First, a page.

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June 16, 2021

Implementer bill includes overhaul of Small Business Express program

Photo | CT Mirror The state Capitol.

Language included in the state’s budget implementer bill and approved by the Senate on Tuesday would overhaul Connecticut’s Small Business Express program, increasing access to capital for smaller enterprises and entrepreneurs and making new resources available through the state Department of Economic and Community Development and Connecticut Innovations.

According to Senate Democrats, the changes are meant to streamline and improve the program, which has channeled loans and grants to thousands of smaller-scale firms since its inception in 2012 under the administration of then-Gov. Dannel Malloy.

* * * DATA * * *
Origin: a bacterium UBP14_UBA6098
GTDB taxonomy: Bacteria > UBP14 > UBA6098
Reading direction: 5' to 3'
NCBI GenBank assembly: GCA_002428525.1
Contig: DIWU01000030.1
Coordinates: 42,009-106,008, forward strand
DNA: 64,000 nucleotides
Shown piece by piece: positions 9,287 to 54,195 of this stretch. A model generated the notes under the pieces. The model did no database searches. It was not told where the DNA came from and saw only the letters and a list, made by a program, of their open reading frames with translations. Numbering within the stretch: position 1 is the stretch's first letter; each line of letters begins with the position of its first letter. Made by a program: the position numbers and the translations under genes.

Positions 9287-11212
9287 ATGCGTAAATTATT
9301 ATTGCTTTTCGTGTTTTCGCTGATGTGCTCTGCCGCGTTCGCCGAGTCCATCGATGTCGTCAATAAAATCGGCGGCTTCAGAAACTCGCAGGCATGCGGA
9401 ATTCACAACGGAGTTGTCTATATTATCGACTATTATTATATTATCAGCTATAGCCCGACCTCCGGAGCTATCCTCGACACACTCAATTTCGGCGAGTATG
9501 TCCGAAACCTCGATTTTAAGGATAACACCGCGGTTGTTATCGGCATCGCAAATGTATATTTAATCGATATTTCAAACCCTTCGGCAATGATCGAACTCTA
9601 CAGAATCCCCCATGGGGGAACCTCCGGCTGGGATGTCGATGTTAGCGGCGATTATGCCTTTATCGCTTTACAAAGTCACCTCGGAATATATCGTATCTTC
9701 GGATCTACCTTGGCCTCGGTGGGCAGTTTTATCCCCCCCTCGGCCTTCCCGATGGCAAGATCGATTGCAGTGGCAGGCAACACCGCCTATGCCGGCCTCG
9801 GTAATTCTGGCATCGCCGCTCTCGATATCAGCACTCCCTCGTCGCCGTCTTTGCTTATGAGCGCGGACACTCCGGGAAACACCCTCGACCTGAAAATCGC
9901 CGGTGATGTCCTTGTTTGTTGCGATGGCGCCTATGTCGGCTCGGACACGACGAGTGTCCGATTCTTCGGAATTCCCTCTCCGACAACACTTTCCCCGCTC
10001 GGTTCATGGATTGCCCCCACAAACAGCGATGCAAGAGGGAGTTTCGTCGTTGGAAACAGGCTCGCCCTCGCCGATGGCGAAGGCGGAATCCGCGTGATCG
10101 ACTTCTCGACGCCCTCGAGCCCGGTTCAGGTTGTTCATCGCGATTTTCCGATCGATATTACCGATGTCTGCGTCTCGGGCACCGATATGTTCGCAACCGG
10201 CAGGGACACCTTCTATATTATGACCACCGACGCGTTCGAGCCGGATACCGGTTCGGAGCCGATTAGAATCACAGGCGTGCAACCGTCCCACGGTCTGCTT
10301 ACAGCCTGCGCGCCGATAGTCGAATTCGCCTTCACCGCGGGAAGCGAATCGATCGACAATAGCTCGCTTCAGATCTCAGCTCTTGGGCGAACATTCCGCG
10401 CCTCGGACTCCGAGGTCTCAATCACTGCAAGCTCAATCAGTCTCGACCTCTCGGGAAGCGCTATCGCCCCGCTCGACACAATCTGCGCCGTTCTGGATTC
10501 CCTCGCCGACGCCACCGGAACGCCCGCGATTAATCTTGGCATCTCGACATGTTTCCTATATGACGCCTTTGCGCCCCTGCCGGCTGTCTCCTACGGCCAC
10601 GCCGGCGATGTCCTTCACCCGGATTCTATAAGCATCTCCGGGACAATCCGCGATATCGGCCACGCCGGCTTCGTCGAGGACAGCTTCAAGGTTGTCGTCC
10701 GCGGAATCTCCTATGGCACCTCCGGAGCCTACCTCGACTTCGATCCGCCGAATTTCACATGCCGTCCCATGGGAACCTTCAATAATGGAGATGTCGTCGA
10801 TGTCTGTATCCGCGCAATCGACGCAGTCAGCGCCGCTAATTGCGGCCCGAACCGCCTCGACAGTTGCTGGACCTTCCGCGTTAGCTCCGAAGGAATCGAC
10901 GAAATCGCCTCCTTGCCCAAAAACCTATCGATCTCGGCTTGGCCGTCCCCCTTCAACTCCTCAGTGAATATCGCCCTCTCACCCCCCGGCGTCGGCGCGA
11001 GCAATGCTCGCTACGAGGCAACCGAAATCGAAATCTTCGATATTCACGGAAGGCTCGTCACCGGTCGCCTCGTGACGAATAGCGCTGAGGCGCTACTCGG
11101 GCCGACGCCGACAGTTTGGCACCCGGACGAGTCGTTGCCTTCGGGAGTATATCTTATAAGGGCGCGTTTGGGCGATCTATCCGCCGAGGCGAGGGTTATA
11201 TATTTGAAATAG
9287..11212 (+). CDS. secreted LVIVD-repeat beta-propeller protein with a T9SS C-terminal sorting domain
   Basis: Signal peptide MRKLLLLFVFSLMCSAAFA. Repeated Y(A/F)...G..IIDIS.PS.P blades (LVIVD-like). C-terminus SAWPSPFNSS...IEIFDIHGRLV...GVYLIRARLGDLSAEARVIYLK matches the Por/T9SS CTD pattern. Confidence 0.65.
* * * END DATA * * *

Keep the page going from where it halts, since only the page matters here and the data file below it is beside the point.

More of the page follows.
The new provisions would set a maximum employee count for applicants at 100 workers, remove the requirement that applicants be registered as a business for at least a year and expand the types of financial support the program’s revolving loan fund can provide to include loan guarantees, loan portfolio guarantees, portfolio insurance and grants. The implementer language would also increase the maximum amount available through minority-owned business revolving loan funds from $100,000 to $500,000.

DECD, with the input of Connecticut Innovations, would have the power to create and operate a new segment of the program that can offer financial support in alignment with the Connecticut Works Fund, which offers direct loans to eligible projects, and the Connecticut Capital Access Fund, which provides portfolio insurance to lenders in making loans that are somewhat riskier than conventional loans.

The bill sets a goal for the Small Business Express program of becoming self-funded by July 2026, with a default rate among aid recipients of no more than 20%. DECD would be required to keep track of the initiative’s progress toward that goal in its annual report.

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